The Spectator, if it had ever been a "hireling," has en- joyed a strange immunity from restraint ; since it has always been free to advocate certain definite courses of policy, without respect to the men by whom that policy was carried out. If it were now the servant of Sir Robert Peel, we suspect that few ser vents have ever been allowed to address their tnasters so plainly as we have ventured to address Sir Robert, at a distance of time by no means exceeding the memory of "the oldest inhabitant" We advocated Catholic Emancipation, by whomsoever advanced ; and we opposed the coercion of Ireland, without regard to the men that claimed to employ it : we always supported O'Con- nell when he really worked for the advantage of Ireland by seeking to employ in her behalf the resources of England—to cement and consummate the Union ; we have invariably opposed him when he has, for his own purposes, tampered with sepa- ration, because we believe that separation would be hostile to British interests and destructive to Irish interests : we supported Lord Normanby's experiment in soothing the Irish, made wild by ill-treatment ; and we do support Sir Robert Peel wherever he shows a disposition to do good to Ireland. In short, without respect of persons, we have watched to improve every opportunity of fostering the smallest intention to benefit that un- lucky land ; and we derive some solace from the conviction, that to the perseverance of English politicians is mainly attributable the vast change to be descried between the political condition of Ireland in 1825 and in 1845. No doubt, Irish incidents and Irish agitation have been employed in working that change ; but the great task was to convert the mind of England. We had seen startling incidents across the Channel, but centuries rolled by and Ireland suffered in vain ; we had seen agitation even to re- bellion, (for the men of those days were more of men if less of lawyers,) and rebellion was put down by that force and corrup- tion which would always be available in the province : those things happened in vain while English opinion was unconverted; and English opinion was converted by Englishmen. In like manner, we seek to pursue the beneficial change, and to amend the social as well as political aspect of Ireland. Meanwhile, what are the Irish doing for themselves ? They are, by their self-appointed leaders, Orange and Repeal, doing their utmost to prevent any Government from effecting any bene- fit for their country. They, Orangemen and Repealers, are doing their best to keep up the staple trade of O'Connell—an agitation which is profitable alone to him and his retainers. Under one name or another—Ribandmen, Repealers, Molly Maguires, or Orangemen—the Irish people are arrayed in conspiracies to defy the constituted authorities, and to evade or frustrate the laws; and their leaders are neither too honest nor too intelligent to keep up that state of things as a permanent condition of their country. That, we say, is rebellion, without the courage to carry it out. We repeat, that rebellion against constituted authority may be justified, and has often been justified in the history of the world : but it is the bold and manly rebellion which avows its purpose, puts its end in issue, and pledges the lives of its champions for their honesty and success. Ireland presents the strange and als- gusting spectacle of public men conspiring to keep their country- men on the brink of revolution, while they hold back from com- promising their own safety. We denounce that double traitorous- ness ; and we are answered by the mouthpiece of one faction with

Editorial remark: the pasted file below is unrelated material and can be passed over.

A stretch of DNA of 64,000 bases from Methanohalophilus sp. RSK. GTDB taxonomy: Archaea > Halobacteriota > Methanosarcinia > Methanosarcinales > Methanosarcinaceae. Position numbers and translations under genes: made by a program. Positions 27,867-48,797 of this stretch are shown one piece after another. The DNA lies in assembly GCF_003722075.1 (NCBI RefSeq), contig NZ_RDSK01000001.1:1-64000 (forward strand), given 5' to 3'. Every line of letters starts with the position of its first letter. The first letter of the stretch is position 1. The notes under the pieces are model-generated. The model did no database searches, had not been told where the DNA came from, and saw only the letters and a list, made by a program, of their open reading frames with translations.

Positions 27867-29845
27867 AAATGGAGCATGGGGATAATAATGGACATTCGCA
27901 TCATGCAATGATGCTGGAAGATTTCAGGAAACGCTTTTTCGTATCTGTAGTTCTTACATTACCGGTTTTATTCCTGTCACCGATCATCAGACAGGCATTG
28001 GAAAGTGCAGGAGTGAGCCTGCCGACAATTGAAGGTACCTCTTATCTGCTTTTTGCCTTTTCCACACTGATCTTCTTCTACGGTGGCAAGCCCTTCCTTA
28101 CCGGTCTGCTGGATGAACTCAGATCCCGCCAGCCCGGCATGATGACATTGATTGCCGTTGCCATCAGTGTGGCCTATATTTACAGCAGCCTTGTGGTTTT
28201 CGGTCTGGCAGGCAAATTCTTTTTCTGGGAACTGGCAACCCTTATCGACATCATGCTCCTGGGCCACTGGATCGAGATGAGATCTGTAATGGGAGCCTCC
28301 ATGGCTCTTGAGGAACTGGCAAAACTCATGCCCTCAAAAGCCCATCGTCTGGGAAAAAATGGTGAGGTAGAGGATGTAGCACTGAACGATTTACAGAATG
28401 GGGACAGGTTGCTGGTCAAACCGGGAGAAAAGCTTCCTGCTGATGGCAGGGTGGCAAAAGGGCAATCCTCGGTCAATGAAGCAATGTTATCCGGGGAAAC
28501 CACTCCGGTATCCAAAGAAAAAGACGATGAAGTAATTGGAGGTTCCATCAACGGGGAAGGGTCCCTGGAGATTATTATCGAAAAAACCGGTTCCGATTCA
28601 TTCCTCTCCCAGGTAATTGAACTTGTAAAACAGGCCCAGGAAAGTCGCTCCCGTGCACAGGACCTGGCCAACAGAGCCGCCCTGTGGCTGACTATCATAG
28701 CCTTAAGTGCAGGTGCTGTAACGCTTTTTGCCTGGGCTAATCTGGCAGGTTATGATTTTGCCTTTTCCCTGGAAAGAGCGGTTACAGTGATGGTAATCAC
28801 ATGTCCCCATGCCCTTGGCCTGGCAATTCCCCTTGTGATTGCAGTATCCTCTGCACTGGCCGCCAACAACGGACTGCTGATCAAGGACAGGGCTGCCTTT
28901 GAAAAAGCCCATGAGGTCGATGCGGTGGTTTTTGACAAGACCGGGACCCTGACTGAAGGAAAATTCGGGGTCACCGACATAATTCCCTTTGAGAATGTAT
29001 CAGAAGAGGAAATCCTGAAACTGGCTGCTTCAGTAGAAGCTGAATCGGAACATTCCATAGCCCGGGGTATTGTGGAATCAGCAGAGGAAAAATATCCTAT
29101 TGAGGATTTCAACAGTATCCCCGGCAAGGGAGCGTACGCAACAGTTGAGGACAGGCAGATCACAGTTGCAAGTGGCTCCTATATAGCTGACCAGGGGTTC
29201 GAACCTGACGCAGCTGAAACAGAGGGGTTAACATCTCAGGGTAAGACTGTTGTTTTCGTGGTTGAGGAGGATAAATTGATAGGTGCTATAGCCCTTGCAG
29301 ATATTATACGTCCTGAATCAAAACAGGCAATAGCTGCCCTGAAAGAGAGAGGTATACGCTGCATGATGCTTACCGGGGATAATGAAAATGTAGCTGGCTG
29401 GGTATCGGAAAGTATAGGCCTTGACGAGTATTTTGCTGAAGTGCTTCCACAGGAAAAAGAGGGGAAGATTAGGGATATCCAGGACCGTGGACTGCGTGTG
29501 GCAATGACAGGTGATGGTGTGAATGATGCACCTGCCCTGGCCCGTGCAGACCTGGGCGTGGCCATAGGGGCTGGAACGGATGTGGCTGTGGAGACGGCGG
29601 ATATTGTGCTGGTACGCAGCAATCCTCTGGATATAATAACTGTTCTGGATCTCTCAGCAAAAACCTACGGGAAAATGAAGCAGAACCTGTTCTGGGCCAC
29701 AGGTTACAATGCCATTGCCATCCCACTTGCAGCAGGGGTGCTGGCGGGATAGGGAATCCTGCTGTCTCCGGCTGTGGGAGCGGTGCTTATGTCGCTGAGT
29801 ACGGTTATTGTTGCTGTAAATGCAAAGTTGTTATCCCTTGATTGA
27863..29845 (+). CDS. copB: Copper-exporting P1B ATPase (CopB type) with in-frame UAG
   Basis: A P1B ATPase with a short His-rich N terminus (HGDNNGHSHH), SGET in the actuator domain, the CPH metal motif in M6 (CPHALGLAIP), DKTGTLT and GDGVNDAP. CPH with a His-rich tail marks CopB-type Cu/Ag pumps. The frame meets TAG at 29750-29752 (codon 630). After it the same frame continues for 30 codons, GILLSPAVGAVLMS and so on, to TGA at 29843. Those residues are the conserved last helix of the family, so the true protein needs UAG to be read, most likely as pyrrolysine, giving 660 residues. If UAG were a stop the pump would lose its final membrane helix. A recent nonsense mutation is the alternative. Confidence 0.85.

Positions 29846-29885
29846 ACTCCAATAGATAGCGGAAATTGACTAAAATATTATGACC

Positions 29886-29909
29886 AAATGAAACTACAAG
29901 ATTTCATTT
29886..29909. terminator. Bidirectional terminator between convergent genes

threat of dismembering the empire, appropriately couched in quibbling equivocation to shield the utterer. There is truth in the remark that open rebellion would afford a means of escaping from the Irish difficulty. It is nonsense to say that "the tera of the collision of physical force has passed away" : bad as war may be, it is not yet abolished in the lands ; and the parade of numbers, whether by Orangemen or Repealers, means nothing but to threaten England, and to stimulate, without the use of words that would compromise him who speaks, the rebel- lious feeling in the breasts of the Irish people. If the Mail, like some others, counts upon assistance from abroad, the calculator is terribly mistaken : America has neither navy to transport nor soldiers to be transported ; and Ireland has not the accumulated wealth to purchase mercenary help. France is too much divided internally to be a formidable ally in any but a strictly national quarrel ; and the stability of her present dynasty depends rather more on peace with England than on the favour of Irishmen, whether Repealers, Molly Maguires, or Orangemen. If Ireland were to rebel, she must trust to herself alone ; and were the ques- tion reduced to one of dismembering the empire no English Minister would have one moment's difficulty. But, we reiterate, flat rebellion would be more honest, more manly, and better for Ireland, than the present corrupt dalliance with the passions of the people, never to gratify them, but to prostitute them for the lucre or perverse satisfaction of political adventurers and disap- pointed factions.